Treatment of Atrial Fibrillation With Antiarrhythmic Drugs or Radiofrequency AblationCLINICAL PERSPECTIVE
Two Systematic Literature Reviews and Meta-Analyses
Background— Although radiofrequency catheter ablation (RFA) has evolved from an experimental procedure to an important treatment option for atrial fibrillation, the relative safety and efficacy of catheter ablation relative to that of antiarrhythmic drug (AAD) therapy has not been established.
Methods and Results— Two separate systematic reviews were conducted: one on RFA and the other on AAD to provide accurate and broadly representative estimates of the clinical efficacy and safety of both therapies in the treatment of atrial fibrillation. Electronic searches were conducted in EMBASE and MEDLINE from 1990 to 2007. For the RFA review, all study designs were accepted. For the AAD review, articles were limited to prospective studies on the following drugs of interest: amiodarone, dofetilide, sotalol, flecainide, and propafenone. Data were extracted by 1 reviewer, with a second reviewer performing independent confirmation of extracted data. Sixty-three RFA and 34 AAD studies were included in the reviews. Patients enrolled in RFA studies tended to be younger (mean age, 55 versus 62 years), had longer duration of atrial fibrillation (6.0 versus 3.1 years), and had failed a greater number of prior drug trials (2.6 versus 1.7). The single-procedure success rate of ablation off AAD therapy was 57% (95% CI, 50% to 64%), the multiple procedure success rate off AAD was 71% (95% CI, 65% to 77%), and the multiple procedure success rate on AAD or with unknown AAD usage was 77% (95% CI, 73% to 81%). In comparison, the success rate for AAD therapy was 52% (95% CI, 47% to 57%). A major complication of catheter ablation occurred in 4.9% of patients. Adverse events for AAD studies, although more common (30% versus 5%), were less severe.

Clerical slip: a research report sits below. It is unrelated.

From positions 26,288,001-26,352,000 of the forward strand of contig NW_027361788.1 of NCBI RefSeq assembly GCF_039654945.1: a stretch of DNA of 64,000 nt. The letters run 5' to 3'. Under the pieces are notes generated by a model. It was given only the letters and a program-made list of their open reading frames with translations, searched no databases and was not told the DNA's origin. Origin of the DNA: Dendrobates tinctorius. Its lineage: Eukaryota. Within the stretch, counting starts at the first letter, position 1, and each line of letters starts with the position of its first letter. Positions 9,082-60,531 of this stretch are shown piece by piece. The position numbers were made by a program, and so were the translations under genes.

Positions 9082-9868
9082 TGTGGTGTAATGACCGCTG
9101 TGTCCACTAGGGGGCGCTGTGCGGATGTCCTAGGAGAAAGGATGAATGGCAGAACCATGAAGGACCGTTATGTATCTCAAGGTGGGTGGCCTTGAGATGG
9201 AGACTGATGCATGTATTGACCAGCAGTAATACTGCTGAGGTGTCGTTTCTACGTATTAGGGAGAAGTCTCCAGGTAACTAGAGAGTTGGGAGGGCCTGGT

Conclusions— Studies of RFA for treatment of atrial fibrillation report higher efficacy rates than do studies of AAD therapy and a lower rate of complications.
Received October 6, 2008; accepted April 28, 2009.
The past decade has witnessed radiofrequency catheter ablation (RFA) of atrial fibrillation (AF) evolve from an experimental procedure to an important treatment option for many patients with AF. Although ablation of AF is performed commonly worldwide, its proper place in treatment algorithms remains subject to debate. Although updated American Heart Association/American College of Cardiology/European Society of Cardiology (AHA/ACC/ESC) guidelines1 state that “catheter ablation is a reasonable alternative to pharmacological therapy to prevent recurrent AF in symptomatic patients with little or no left atrial enlargement (Class 2A, Level of Evidence; C),” this document also includes a flow chart that lists catheter ablation as a second-line therapy for AF rhythm control regardless of the AF subtype or patient substrate. The majority view appears to be that ablation should be reserved for patients who have failed 1 or more trials of antiarrhythmic drug therapy; however, some investigators and practitioners have championed ablation as first-line therapy for highly symptomatic patients with AF.2,3 These differing perspectives reflect uncertainties in the relative risks and benefits of ablation and antiarrhythmic drugs (AAD) for rhythm control in AF.
Clinical Perspective on p 349